The program would be limited in scope to cover only about 2% of home sales volume statewide in an effort to avoid pushing prices higher.
Participants would be chosen on a first-come, first-served basis, with slots set aside for certain geographic areas and income brackets.
To become law, the proposal would have to pass both chambers of the Democratic-controlled state legislature and be approved by Democratic Gov. Gavin Newsom. A representative for Mr. Newsom declined to comment on the pending legislation. In a statement, Assembly Speaker Anthony Rendon praised Ms. Atkins’s work on the issue but didn’t say whether he supported her proposal.
When people are looking for the perfect ‘forever’ home that will last them for a lifetime, any additional cost isn’t going to phase them – or at least it won’t affect the affluent folks. Most are making it up elsewhere when they sell their previous home or rental properties, inherit big money or receive a gift, and/or sell their businesses/stocks or other assets and just want a trophy property.
If they weren’t bothered by home prices rising 60% to 80% over the last two years, a measly 2% increase in the mortgage rate isn’t going to stop them.
Like most real estate talk, half of this is horsepucky:
Don’t Let FOMO Drive You
Just because everyone is buying a house, doesn’t mean you should be too, said Donald Olhausen Jr., owner of We Buy Houses in San Diego. “I have seen many people force bad decisions because they have fear of missing out (FOMO). Forcing a bad deal will not rectify itself because there were no other options or because you felt stuck. Being patient in this market is hard, but overpaying for a faulty property will ultimately lead to more regret.”
There Are Markets Within Markets
There is not one universal housing market, but rather “many smaller micro-markets,” said Michael Shapot, Esq., licensed associate real estate broker. “Some of those submarkets are ‘hot, less hot or more hot’ and they may change week by week, or month by month.”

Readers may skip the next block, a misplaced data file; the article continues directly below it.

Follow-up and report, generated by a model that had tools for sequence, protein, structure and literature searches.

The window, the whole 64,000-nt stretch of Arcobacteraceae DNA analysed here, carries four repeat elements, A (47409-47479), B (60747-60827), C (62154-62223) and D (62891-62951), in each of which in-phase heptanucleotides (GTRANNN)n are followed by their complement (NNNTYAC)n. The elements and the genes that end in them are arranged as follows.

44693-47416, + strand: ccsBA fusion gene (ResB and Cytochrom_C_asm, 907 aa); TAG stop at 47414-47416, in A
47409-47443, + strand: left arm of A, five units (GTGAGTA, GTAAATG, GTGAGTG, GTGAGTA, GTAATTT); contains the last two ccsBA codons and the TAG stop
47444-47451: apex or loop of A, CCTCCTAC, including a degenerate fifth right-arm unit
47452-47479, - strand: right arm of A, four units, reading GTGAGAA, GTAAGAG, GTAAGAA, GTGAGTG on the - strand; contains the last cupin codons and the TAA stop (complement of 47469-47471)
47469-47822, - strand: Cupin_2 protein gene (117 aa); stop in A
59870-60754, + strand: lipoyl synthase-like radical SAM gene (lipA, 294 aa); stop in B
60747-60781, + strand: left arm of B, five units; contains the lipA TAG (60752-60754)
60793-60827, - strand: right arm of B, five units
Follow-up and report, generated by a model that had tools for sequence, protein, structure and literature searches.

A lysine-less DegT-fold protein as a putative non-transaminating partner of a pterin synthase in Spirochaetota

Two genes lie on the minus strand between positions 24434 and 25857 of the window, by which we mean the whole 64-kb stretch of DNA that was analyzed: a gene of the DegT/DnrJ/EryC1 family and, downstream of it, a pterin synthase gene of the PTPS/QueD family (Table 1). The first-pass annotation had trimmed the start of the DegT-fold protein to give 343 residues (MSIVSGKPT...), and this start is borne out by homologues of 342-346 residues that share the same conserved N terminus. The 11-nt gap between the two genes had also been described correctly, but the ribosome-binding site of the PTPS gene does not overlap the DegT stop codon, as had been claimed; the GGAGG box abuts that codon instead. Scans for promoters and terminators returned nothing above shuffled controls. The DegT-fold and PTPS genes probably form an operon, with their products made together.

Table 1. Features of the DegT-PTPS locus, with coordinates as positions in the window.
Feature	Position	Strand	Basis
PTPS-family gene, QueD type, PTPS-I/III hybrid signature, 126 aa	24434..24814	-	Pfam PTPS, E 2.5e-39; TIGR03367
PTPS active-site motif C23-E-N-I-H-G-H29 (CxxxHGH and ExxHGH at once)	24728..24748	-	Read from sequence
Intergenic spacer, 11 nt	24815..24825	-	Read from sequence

Elisa Uribe, a realtor with Wells and Bennett Realtors added that “real estate is hyper-local,” so consider the source. “You can withstand any market changes if you don’t have to move in a specific time frame.”
2022 Is a Slightly Better Time To Buy
Real estate experts like Marina Vaamonde, the founder of PropertyCashin, said that 2022 would be a better time to buy because, “The demand for residential real estate is still vastly overshadowing the inventory.”
Indeed, now that 2022 has arrived, experts still agree that is the case, even with decreasing inventory. According to Time, home prices will not increase as rapidly and home values will also likely increase at a less vigorous rate than the peak of 2021, which bodes well for buyers.
However, the Fed Just Raised Interest Rates
What made 2021 unique was extremely low interest rates, according to David Friedman, CEO of investment property platform Knox Financial. “There have been very few times in history when we’ve seen 30-year fixed mortgage rates hovering around 3.3% and 15-year mortgage rates slightly above 2.6%,” he said.